Facebook COO Sheryl Sandberg has emerged as the most prominent name in the business sector for gender equality since she delivered, in late 2010, a TEDTalk on why we have so few female leaders.
Last month, Sandberg returned to the TED stage to chat with journalist Pat Mitchell about the global reaction, what she's learned, and her thoughts on becoming a central figure in the movement for equality.
"Sheryl Sandberg: So we leaned in ... now what?"
Some Key Points:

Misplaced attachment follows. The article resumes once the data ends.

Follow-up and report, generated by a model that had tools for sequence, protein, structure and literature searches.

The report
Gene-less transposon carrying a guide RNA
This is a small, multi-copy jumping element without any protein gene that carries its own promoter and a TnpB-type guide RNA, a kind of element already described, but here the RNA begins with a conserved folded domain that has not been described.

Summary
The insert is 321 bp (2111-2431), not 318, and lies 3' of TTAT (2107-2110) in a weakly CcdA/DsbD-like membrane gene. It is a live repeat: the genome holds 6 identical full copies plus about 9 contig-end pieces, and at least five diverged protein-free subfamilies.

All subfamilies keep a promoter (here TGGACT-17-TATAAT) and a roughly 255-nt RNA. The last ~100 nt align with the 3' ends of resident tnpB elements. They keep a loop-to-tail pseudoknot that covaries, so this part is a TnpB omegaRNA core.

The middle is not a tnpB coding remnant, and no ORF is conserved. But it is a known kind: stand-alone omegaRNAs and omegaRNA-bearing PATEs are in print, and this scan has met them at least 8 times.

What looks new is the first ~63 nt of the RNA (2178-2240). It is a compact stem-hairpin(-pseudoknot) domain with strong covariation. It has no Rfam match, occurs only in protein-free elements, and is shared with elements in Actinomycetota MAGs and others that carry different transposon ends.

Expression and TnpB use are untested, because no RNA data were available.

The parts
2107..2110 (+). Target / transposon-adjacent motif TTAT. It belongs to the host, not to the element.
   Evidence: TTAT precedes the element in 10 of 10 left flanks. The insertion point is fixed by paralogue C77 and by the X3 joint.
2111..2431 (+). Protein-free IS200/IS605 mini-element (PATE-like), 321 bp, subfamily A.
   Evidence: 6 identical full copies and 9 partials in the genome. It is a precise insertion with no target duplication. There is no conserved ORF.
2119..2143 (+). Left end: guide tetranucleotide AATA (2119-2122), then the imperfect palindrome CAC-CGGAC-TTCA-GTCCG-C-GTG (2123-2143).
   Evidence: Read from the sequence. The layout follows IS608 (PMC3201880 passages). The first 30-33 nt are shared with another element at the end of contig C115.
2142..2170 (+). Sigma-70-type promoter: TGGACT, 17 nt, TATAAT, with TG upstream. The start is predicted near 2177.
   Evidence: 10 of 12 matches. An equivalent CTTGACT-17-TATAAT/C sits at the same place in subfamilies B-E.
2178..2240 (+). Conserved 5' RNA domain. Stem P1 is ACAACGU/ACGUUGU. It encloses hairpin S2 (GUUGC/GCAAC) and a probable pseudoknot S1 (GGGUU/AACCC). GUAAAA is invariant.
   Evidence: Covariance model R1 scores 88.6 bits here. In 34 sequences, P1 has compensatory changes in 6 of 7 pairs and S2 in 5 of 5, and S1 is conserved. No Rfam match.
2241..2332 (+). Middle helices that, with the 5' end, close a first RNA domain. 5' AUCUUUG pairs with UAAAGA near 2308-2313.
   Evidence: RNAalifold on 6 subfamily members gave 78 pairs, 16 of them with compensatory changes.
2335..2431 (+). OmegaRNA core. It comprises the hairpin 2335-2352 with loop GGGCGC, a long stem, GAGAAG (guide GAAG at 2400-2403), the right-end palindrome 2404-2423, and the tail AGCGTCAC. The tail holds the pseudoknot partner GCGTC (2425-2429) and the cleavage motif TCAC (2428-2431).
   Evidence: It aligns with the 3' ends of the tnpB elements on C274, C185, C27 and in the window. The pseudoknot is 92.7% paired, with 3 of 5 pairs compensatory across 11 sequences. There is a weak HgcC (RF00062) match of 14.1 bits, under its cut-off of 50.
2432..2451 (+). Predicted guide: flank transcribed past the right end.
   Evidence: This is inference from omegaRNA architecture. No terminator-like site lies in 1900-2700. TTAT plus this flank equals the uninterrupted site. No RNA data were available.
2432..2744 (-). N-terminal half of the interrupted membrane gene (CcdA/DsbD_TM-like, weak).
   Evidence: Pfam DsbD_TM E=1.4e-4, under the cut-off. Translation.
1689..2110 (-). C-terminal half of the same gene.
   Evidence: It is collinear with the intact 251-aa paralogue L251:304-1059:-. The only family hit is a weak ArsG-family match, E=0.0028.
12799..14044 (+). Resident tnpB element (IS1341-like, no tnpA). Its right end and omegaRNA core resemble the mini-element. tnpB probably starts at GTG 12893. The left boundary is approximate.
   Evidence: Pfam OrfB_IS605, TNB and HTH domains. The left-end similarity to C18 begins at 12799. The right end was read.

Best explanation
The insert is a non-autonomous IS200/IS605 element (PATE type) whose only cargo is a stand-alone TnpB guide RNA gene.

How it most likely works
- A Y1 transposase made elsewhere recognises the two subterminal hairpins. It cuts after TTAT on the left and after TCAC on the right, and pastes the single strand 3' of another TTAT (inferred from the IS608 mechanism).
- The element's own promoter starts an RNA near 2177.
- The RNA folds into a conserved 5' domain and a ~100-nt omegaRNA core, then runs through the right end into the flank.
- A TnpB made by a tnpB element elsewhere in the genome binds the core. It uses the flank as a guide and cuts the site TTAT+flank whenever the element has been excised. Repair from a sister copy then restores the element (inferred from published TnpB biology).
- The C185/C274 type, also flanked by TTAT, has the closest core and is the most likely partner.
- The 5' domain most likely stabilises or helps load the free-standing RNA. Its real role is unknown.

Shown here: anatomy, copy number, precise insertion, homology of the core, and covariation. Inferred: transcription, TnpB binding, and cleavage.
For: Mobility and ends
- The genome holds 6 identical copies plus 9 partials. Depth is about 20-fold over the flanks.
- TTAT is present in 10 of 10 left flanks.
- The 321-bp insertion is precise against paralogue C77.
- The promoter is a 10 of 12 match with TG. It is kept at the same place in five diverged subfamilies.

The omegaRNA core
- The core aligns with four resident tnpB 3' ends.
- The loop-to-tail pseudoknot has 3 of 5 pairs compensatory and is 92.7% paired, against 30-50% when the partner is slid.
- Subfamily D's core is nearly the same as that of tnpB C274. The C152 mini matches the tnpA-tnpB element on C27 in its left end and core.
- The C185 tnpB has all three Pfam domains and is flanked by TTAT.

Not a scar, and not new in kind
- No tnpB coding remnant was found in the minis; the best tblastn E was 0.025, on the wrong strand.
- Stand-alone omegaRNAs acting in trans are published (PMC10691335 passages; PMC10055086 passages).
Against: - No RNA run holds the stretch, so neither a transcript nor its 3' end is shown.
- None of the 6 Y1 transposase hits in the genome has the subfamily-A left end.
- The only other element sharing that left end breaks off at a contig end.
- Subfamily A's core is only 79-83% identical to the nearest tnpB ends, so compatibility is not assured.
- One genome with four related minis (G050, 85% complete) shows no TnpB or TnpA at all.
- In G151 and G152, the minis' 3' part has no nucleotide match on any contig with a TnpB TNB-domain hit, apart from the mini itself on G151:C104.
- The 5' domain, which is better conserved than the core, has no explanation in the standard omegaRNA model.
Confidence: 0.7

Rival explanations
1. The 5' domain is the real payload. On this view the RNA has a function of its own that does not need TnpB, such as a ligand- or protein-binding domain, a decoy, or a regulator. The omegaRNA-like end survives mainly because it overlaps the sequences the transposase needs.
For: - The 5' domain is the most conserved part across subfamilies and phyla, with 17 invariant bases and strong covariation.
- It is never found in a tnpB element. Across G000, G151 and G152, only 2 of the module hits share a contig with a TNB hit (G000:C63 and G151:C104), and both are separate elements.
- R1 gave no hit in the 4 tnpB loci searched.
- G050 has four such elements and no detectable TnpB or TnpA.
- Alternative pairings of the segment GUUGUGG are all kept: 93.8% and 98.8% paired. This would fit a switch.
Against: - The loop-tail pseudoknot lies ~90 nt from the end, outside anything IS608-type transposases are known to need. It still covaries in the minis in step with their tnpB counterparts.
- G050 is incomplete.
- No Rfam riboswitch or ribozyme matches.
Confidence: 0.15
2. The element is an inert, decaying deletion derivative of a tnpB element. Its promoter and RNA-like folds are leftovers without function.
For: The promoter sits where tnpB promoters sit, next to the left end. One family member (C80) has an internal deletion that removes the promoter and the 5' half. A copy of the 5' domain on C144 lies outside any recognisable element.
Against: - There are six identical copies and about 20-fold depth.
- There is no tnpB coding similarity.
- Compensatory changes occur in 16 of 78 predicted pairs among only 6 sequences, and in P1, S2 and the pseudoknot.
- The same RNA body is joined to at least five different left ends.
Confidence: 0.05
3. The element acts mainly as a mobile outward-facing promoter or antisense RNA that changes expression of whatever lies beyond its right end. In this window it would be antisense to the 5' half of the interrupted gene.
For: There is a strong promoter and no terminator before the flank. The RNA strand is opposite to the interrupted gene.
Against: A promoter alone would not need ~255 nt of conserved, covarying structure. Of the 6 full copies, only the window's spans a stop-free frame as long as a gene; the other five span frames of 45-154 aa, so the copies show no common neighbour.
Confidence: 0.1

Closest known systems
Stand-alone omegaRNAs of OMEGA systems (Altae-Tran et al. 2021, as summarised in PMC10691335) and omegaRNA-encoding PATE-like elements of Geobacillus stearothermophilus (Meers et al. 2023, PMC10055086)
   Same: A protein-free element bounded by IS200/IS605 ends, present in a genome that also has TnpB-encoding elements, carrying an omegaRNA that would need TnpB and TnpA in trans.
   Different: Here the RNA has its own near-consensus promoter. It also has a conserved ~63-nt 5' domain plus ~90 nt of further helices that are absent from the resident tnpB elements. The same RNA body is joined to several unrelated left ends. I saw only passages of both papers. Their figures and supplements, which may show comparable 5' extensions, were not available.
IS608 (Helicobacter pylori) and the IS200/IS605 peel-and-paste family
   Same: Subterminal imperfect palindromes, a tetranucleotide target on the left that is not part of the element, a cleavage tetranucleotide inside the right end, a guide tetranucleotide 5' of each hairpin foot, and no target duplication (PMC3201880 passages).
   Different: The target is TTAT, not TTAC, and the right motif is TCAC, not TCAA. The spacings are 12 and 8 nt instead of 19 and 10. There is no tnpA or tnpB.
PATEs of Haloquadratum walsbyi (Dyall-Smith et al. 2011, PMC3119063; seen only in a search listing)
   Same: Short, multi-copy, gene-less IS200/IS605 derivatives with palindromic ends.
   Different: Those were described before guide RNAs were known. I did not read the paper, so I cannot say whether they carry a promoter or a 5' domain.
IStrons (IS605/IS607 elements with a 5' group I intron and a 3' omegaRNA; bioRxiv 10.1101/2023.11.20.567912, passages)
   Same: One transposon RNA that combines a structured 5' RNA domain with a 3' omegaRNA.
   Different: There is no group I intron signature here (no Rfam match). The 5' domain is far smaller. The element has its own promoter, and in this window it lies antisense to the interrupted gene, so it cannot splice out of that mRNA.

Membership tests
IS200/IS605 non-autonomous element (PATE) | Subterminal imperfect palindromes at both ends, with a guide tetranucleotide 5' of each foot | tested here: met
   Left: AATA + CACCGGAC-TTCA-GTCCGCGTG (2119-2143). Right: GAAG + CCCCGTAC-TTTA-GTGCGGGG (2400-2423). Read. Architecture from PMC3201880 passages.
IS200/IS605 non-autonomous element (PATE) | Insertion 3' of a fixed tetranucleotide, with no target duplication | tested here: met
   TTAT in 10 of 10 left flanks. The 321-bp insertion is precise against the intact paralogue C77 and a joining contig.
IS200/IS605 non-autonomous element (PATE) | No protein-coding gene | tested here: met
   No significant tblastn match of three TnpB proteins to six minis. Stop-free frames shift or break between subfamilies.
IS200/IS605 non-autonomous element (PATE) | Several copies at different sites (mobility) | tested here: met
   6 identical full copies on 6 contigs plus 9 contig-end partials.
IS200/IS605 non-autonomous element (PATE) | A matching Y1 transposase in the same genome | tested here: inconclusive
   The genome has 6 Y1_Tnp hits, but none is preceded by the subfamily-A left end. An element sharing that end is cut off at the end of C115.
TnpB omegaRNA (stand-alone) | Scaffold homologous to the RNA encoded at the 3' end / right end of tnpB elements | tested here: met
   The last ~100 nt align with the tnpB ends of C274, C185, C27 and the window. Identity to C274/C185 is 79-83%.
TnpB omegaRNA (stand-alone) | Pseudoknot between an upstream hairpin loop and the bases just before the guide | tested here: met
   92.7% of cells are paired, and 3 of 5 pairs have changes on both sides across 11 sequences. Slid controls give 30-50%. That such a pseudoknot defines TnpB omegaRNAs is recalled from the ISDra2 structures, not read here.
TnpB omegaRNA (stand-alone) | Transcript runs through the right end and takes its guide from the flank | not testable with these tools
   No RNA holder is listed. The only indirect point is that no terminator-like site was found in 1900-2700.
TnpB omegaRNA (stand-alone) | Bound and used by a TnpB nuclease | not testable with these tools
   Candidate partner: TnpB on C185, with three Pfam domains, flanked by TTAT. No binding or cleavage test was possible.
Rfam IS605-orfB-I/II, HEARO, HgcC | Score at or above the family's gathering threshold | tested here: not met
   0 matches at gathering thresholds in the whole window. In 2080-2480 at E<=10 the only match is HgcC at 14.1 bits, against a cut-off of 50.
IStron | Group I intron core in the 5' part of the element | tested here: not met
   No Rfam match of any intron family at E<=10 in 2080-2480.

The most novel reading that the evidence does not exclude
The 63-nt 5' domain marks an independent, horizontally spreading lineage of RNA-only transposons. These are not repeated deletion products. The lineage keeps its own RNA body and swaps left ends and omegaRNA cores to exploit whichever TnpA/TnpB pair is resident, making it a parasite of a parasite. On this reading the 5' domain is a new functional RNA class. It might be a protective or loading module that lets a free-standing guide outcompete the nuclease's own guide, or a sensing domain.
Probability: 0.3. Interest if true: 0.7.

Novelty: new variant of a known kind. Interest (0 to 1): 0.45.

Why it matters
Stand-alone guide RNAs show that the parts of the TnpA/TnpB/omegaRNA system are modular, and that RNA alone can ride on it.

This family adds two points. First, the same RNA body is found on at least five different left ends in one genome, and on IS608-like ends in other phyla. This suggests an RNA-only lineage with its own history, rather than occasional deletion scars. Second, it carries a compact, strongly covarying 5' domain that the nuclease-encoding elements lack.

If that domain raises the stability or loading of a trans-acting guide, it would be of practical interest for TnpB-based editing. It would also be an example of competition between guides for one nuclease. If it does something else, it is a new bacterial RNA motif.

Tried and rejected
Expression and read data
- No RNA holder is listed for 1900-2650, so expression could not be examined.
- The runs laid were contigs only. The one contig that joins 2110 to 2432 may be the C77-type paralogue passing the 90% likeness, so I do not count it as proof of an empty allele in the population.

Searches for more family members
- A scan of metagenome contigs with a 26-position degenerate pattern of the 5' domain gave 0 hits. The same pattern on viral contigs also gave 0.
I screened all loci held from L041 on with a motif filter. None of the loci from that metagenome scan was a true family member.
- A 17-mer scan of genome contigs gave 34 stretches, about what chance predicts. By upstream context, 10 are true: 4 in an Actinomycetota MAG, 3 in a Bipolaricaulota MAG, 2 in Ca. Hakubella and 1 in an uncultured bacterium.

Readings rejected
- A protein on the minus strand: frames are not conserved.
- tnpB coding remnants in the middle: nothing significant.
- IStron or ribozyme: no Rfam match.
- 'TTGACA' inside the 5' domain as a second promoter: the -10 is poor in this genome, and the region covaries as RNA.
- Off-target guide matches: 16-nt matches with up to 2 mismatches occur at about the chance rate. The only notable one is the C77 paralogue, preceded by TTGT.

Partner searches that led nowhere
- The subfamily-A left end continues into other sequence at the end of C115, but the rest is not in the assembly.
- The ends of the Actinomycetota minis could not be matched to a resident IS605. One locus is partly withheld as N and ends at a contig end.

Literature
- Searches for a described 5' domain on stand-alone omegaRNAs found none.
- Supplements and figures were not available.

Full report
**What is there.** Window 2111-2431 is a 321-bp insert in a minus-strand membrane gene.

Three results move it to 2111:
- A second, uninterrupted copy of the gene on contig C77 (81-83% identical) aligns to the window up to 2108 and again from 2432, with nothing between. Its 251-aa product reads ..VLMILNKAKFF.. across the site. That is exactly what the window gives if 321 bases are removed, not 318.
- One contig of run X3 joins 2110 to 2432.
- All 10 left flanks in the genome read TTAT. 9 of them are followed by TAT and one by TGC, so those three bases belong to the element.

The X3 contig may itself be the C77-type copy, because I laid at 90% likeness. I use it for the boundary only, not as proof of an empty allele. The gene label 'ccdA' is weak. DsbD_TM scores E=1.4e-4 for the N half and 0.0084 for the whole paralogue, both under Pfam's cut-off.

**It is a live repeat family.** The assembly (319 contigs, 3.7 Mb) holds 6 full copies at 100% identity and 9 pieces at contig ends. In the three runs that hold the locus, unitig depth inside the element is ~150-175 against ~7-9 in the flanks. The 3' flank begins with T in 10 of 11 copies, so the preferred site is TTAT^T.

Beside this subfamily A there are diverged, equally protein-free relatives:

Sandberg shares that she had never spoken about being a woman in business during her entire career until the TEDTalk because it was a risky topic and was warned before giving her talk that it could seriously jepordise her career. Initially she wanted to just stick to facts and figures in the TEDTalk and in the book Lean In, but discovered that she needed to tell her own story and talk about very personal challenges so that people could connect with her. One of the first inspiring letters she got was from a woman who had turned down a big promotion but after seeing the TEDTalk was inspired to go back and take the promotion and then "hand her husband the grocery list." Sandberg shares a story about a doctor, who, until seeing the TEDTalk hadn't noticed that the female med-school students weren't speaking as much as the men when he did his rounds. So he started calling on the woman as much as the men and he found that they knew the answers just as well or better than the men. The word bossy exists in nearly every language as a negative word to describe women who are assertive, but it's seen as a positive characteristic for men. Women are perceived as being "aggressive" when they behave in the same way as men. Sandberg suggests that we tend to judge people through the lens of Male = boss. Female = bossy. We can change things by acknowledging these biases. The CEO of Cisco apologised to his staff for calling all of their senior women too aggressive as a result of seeing the talk. Sandberg suggests that when you see someone call a little girl bossy, you walk right up to that person with a big smile and say, "That little girl's not bossy; that little girl has executive leadership skills." Sandberg started a foundation that helps women start "circles," which are small, supportive groups that meet every month. There are over 12,000 circles in 50 countries. Sandberg's book, Lean In, is about two core things: self-confidence and equality. Sandberg argues that dialogue is good but action is better. She wants a lot more progress to happen. Sandberg is concerned that things are not changing quickly enough. The pay gap for women is still 77c to the $1 and hasn't budged since 2002. Sandberg would like to get rid of the word bossy and bring back the word feminist.